National Oceanic and
Atmospheric Administration
United States Department of Commerce


FY 2008

Expanding oxygen-minimum zones in the tropical oceans

Stramma, L., G.C. Johnson, J. Sprintall, and V. Mohrholz

Science, 320(5876), 655–658, doi: 10.1126/science.1153847 (2008)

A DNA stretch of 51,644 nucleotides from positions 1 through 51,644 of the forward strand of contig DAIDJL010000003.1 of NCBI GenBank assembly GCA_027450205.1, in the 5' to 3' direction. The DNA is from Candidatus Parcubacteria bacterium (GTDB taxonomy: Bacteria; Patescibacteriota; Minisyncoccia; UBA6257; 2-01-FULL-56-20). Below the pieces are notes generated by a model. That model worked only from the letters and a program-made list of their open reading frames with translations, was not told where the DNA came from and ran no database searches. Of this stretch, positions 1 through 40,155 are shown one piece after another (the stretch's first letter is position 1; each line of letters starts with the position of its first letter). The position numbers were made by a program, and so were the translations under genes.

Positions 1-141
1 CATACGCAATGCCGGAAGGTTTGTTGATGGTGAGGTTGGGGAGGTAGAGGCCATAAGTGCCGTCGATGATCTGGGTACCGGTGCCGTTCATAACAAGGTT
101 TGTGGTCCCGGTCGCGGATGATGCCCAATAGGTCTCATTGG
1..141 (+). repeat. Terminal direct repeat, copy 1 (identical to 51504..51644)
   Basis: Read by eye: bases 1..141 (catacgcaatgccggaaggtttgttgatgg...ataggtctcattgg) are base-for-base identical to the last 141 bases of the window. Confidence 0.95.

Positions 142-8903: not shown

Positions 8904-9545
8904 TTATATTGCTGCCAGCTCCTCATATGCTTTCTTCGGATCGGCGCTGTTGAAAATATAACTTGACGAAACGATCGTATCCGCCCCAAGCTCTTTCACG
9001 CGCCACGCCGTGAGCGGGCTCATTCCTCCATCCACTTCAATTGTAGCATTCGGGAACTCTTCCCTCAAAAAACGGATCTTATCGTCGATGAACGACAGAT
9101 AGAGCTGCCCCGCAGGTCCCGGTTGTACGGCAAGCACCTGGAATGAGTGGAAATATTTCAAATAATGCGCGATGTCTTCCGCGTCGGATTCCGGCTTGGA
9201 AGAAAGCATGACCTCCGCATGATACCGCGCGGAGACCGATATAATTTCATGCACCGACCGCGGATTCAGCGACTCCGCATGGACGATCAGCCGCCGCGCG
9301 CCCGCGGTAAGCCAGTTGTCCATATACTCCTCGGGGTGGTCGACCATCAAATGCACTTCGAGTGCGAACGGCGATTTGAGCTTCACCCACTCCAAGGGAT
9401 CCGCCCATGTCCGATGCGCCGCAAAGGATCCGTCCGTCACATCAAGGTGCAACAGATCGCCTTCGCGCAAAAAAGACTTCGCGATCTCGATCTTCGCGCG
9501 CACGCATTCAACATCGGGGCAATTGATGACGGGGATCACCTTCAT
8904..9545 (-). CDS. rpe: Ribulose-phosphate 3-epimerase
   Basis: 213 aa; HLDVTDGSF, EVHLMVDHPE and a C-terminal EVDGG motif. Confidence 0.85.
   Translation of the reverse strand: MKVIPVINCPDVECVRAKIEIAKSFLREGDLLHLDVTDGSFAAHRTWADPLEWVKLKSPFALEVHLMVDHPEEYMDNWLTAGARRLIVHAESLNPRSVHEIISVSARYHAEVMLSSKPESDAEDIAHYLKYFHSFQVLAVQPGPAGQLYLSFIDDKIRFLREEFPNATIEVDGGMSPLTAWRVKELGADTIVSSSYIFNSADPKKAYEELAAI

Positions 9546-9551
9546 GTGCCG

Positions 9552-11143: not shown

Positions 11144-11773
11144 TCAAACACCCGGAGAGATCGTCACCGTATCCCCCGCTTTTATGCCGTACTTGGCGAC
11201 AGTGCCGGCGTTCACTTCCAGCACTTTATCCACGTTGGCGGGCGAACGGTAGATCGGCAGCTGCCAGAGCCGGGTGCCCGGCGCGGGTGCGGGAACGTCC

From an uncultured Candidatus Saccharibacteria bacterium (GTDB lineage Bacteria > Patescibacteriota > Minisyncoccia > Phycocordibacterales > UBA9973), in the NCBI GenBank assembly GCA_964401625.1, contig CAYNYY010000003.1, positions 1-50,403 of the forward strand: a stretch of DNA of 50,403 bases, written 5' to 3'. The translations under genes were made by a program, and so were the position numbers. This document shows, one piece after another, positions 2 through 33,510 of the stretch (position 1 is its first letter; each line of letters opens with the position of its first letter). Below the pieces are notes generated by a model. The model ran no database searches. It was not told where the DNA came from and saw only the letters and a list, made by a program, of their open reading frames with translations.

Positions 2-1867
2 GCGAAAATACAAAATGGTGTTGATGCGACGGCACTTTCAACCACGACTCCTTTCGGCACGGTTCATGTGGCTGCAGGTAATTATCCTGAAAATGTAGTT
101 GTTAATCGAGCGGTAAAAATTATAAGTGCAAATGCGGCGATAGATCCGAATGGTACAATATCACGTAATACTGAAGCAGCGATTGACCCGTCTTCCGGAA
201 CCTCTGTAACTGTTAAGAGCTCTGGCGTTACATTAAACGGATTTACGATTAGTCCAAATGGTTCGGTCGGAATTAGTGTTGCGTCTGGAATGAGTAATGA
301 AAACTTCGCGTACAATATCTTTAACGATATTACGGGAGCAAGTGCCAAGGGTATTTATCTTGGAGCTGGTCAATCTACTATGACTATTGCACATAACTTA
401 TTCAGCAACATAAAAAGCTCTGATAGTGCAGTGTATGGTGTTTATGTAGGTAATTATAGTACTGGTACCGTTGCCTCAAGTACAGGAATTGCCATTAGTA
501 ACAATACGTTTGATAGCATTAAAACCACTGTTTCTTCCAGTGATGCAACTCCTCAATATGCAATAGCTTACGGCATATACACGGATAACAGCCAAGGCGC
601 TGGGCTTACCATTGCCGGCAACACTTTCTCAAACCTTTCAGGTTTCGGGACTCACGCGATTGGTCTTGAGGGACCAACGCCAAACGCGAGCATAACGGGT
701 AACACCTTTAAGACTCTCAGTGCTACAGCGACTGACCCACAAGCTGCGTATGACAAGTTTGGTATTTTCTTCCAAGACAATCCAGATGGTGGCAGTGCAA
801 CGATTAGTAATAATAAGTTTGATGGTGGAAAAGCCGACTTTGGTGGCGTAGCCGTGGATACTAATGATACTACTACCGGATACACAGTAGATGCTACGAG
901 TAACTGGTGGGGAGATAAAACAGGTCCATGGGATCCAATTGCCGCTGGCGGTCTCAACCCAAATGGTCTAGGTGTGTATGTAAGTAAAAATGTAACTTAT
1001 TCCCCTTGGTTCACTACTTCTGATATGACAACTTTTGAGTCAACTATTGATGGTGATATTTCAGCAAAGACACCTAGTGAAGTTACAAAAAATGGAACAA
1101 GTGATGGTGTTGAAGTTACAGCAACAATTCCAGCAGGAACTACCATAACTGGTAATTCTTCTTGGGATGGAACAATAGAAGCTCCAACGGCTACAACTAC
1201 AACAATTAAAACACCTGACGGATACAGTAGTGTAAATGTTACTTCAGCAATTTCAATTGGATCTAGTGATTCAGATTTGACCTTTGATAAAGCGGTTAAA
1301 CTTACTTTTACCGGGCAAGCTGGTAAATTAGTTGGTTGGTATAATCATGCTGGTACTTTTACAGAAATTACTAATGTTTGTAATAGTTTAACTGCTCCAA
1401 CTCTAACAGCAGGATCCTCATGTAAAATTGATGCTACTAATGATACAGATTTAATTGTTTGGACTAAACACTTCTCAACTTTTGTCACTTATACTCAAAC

Oxygen-poor waters occupy large volumes of the intermediate-depth eastern tropical oceans. Oxygen-poor conditions have far-reaching impacts on ecosystems because important mobile macroorganisms avoid or cannot survive in hypoxic zones. Climate models predict declines in oceanic dissolved oxygen produced by global warming. We constructed 50-year time series of dissolved-oxygen concentration for select tropical oceanic regions by augmenting a historical database with recent measurements. These time series reveal vertical expansion of the intermediate-depth low-oxygen zones in the eastern tropical Atlantic and the equatorial Pacific during the past 50 years. The oxygen decrease in the 300- to 700-m layer is 0.09 to 0.34 micromoles per kilogram per year. Reduced oxygen levels may have dramatic consequences for ecosystems and coastal economies.

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